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6 Workplace Trends Coming to Your Office in 2017

In the modern workplace, change is the only constant. Companies have to adapt to new market trends to stay competitive and retain top talent.

Whether you’re freelance or full-time, check out some of the trends that could shake up your working life in the coming year.

1. Employers make health and wellness a priority 

As employers increasingly see a positive correlation between the well-being of their staff and the bottom line, they’ll dedicate more resources to wellness initiatives.

Whether by offering in-office mindfulness training and standing desks or subsidizing weekly spin class, employers will do what they can to make sure their employees feel their best.

2. The rise of the digital nomad continues 

In an age when it’s possible to work and get paid from almost anywhere, young, tech-savvy workers are choosing to do just that.

“Digital nomads” leave the traditional office behind for telecommuting freelance gigs that give them the flexibility to earn income as they travel the globe. Amidst an increasingly globalized world, this trend of country-hopping employees may grow in 2017 and beyond.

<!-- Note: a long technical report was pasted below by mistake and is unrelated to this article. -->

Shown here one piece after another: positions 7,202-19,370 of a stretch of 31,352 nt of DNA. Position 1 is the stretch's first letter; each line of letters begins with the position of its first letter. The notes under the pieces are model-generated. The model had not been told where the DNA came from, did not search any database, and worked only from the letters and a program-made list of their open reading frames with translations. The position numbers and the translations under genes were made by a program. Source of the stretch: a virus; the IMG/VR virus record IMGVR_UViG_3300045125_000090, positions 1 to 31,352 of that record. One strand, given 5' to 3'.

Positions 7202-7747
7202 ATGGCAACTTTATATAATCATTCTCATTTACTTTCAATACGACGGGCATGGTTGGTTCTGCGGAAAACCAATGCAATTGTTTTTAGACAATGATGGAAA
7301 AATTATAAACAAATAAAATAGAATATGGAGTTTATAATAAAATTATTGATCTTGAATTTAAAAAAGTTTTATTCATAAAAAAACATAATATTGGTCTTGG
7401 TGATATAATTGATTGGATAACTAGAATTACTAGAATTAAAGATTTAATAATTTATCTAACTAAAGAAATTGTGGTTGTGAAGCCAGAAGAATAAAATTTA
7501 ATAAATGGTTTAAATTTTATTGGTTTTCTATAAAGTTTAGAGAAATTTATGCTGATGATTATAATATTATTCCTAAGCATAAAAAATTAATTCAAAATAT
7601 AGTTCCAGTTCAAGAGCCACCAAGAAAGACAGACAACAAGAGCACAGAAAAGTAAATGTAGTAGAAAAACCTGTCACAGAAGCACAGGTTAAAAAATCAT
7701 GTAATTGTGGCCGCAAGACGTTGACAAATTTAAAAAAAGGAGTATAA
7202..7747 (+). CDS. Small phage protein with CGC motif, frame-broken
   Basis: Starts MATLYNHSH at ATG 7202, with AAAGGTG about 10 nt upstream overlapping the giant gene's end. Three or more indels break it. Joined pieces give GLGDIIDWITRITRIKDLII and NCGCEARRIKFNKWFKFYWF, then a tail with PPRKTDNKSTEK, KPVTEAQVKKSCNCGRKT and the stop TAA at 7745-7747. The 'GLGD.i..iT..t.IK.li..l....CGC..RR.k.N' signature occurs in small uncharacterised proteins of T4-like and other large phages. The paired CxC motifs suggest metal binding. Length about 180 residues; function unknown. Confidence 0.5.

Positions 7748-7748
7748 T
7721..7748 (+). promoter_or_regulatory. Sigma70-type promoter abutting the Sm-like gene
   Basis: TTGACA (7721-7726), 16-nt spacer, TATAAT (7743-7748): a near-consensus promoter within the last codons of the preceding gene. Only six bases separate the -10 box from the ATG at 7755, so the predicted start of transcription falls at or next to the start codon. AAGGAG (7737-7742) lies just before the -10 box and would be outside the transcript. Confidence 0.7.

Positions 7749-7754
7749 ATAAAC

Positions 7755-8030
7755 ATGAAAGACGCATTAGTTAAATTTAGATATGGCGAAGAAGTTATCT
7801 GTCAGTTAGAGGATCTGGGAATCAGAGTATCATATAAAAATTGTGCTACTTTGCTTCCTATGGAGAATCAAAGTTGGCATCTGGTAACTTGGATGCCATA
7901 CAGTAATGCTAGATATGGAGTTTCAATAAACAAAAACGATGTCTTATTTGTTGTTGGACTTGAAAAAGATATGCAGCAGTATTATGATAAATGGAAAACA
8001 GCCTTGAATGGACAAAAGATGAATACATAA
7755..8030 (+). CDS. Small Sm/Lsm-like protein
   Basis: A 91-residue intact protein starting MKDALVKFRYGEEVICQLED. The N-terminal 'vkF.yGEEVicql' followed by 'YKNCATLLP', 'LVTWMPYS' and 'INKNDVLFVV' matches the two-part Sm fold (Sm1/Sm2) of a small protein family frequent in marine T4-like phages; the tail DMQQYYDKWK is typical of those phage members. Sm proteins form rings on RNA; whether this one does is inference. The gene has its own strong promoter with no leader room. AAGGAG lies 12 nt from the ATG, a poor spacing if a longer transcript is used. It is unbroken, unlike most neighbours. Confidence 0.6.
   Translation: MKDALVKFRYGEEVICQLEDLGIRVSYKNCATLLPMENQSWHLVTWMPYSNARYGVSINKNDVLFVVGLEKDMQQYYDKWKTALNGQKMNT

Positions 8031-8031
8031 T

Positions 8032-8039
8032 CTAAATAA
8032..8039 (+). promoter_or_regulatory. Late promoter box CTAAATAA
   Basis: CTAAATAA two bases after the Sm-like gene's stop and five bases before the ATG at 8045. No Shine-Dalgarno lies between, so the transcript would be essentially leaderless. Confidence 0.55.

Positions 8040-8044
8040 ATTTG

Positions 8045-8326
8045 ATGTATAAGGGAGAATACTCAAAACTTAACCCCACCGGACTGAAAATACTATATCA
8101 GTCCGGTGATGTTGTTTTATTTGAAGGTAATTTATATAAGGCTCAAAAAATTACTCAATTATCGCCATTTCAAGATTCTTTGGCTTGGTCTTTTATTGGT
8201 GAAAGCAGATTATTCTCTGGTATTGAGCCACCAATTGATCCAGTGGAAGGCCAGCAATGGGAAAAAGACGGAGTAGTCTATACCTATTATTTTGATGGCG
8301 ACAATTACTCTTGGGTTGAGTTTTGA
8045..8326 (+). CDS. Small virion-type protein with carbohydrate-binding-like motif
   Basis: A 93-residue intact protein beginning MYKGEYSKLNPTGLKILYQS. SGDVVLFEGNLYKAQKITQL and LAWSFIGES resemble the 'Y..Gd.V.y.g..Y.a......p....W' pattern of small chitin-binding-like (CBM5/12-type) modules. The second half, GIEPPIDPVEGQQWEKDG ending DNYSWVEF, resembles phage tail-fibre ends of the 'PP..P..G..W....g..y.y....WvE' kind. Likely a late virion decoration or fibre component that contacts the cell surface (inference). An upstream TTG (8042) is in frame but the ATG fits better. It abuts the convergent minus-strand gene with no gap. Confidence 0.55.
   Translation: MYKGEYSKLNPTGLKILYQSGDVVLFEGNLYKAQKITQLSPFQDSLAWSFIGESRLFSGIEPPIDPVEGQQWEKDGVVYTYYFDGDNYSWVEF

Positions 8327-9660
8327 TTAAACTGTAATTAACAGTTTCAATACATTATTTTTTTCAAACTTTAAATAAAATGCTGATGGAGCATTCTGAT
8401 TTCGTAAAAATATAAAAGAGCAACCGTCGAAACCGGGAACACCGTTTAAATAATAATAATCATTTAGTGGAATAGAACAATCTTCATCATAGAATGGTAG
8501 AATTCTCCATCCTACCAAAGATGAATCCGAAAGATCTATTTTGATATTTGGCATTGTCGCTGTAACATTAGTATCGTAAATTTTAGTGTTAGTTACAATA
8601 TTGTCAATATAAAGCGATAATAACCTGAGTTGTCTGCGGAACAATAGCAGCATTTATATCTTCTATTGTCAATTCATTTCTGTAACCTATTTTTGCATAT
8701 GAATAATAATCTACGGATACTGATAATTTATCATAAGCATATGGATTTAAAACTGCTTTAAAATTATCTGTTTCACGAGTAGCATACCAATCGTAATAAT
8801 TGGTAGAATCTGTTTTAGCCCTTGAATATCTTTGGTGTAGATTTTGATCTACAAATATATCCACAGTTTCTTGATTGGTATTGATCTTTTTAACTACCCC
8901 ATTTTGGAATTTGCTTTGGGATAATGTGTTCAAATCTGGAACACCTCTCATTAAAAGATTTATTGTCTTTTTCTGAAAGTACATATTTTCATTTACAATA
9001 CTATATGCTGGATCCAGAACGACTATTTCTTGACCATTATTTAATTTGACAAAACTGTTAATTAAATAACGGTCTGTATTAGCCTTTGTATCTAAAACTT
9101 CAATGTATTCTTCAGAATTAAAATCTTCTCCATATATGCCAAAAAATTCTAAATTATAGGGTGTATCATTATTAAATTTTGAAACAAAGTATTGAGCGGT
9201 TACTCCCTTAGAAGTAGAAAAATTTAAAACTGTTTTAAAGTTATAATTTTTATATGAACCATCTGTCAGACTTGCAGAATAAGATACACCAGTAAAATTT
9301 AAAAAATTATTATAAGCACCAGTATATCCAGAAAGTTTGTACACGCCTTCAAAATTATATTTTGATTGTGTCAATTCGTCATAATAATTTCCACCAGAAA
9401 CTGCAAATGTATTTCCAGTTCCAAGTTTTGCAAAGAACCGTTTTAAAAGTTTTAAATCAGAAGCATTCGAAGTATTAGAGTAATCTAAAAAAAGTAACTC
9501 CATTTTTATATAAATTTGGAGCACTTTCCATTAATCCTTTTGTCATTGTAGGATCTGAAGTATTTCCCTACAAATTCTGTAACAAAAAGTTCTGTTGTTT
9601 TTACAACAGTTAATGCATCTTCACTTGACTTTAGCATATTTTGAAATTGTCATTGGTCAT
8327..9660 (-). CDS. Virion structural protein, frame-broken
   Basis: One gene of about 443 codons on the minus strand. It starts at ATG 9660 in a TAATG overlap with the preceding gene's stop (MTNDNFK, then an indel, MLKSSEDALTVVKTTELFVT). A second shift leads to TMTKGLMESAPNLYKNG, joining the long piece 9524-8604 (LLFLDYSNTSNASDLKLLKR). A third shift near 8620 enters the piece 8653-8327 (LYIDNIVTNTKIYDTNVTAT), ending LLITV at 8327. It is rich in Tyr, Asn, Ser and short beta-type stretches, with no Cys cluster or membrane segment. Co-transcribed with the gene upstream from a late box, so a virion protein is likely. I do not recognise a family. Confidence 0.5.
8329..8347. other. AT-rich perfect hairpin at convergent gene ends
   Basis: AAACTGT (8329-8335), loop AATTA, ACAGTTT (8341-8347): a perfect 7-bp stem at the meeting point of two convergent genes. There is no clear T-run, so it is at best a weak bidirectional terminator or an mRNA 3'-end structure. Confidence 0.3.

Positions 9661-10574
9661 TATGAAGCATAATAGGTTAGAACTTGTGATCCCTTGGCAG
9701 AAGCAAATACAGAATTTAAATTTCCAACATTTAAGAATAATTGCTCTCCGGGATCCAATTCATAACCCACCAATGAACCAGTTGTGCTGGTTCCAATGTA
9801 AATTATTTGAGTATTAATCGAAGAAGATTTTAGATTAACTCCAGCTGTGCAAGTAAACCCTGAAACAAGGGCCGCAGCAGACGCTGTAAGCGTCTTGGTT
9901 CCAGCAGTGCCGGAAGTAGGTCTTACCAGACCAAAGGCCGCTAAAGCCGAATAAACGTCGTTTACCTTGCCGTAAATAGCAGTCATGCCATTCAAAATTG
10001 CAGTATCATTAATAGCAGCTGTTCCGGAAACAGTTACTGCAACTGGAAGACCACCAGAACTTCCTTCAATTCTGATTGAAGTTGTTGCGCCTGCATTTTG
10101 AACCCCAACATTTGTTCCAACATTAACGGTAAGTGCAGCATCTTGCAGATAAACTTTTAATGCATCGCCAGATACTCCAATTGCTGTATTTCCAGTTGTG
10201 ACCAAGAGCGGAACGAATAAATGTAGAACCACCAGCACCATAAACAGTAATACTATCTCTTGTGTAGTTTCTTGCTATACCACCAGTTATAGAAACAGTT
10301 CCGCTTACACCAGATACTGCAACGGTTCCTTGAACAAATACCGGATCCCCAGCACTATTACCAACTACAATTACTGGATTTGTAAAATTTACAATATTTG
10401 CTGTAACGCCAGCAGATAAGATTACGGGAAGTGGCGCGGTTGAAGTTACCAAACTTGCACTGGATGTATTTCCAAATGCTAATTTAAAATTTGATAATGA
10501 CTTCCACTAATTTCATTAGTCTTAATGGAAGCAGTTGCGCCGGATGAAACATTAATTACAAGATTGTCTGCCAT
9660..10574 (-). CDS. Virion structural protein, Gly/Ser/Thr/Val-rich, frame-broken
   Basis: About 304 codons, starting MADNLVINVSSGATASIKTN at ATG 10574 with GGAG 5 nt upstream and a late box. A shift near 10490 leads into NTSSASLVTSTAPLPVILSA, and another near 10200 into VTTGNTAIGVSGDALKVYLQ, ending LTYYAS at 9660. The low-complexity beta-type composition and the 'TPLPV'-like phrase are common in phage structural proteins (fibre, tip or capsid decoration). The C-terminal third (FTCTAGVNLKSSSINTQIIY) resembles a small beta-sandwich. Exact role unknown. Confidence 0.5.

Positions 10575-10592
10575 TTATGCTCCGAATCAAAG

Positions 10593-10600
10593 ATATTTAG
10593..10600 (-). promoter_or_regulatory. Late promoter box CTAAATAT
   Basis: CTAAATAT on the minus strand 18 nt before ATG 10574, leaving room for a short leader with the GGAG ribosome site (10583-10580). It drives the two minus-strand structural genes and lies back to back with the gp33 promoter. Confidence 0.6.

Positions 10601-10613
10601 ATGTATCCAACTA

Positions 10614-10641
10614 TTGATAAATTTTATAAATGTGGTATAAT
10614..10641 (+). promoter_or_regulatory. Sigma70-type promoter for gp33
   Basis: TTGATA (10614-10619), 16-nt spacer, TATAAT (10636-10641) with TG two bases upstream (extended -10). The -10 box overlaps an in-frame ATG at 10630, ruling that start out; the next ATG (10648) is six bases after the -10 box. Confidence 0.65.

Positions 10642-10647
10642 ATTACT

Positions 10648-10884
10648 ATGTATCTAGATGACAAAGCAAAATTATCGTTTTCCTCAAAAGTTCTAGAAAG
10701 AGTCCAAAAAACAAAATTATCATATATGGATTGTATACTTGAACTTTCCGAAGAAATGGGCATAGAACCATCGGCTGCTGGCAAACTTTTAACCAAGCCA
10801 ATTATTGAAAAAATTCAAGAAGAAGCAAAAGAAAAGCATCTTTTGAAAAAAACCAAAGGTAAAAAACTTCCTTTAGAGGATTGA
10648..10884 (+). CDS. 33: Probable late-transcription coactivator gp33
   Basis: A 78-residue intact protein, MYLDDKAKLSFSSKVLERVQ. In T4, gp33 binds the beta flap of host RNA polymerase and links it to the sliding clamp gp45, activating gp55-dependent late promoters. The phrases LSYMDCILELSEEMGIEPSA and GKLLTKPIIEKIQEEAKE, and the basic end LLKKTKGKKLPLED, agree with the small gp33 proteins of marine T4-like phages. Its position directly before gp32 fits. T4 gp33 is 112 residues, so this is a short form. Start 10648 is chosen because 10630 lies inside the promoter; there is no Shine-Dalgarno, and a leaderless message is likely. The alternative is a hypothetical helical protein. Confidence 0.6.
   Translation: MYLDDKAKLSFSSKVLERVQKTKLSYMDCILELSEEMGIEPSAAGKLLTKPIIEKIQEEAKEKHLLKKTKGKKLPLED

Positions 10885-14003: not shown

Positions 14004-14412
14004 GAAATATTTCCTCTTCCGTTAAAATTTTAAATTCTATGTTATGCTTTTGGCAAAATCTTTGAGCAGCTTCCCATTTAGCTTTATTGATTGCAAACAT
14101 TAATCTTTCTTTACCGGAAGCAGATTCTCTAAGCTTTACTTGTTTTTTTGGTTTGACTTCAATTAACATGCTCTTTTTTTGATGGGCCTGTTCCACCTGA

3. Compensation gets more creative 

The average millennial changes jobs three or four times during their first ten years in the workforce. To retain top talent, hiring professionals need to offer more than just a competitive salary. So far, the prevailing trend is offering benefits that help employees grow.

This means paying for skill development courses, instituting mentorship programs, or creating department exchange programs.

4. The blended workforce becomes a fact of life 

A “blended” workforce fuses full-time employees with freelancers and other part-time contractors. This arrangement can help make business more fluid and agile while reducing overhead.

Though workplaces might become less cohesive over time, rotating new faces and talents into a team’s skill set might inspire new ideas and ways of collaborating.

5. Annual performance reviews become a thing of the past

Once a staple of most white-collar jobs, the annual performance review feels old-fashioned when a growing percentage of the workforce has been raised on instant gratification. Managers are swapping these once-a-year meetings for weekly and monthly check-ins.

6. Employees take control of their vacation schedule 

A perk formerly reserved for the newest start-ups and hottest tech hubs is becoming more mainstream. Known colloquially as unlimited vacation, discretionary time off lets employees work out their holiday schedules with their manager instead of a corporate-wide policy.

But don’t schedule your month-long beach trip just yet. While it can entice valuable talent and improve productivity, this policy might not lead to less hours clocked at work. Americans are notorious for leaving paid vacation days unused.

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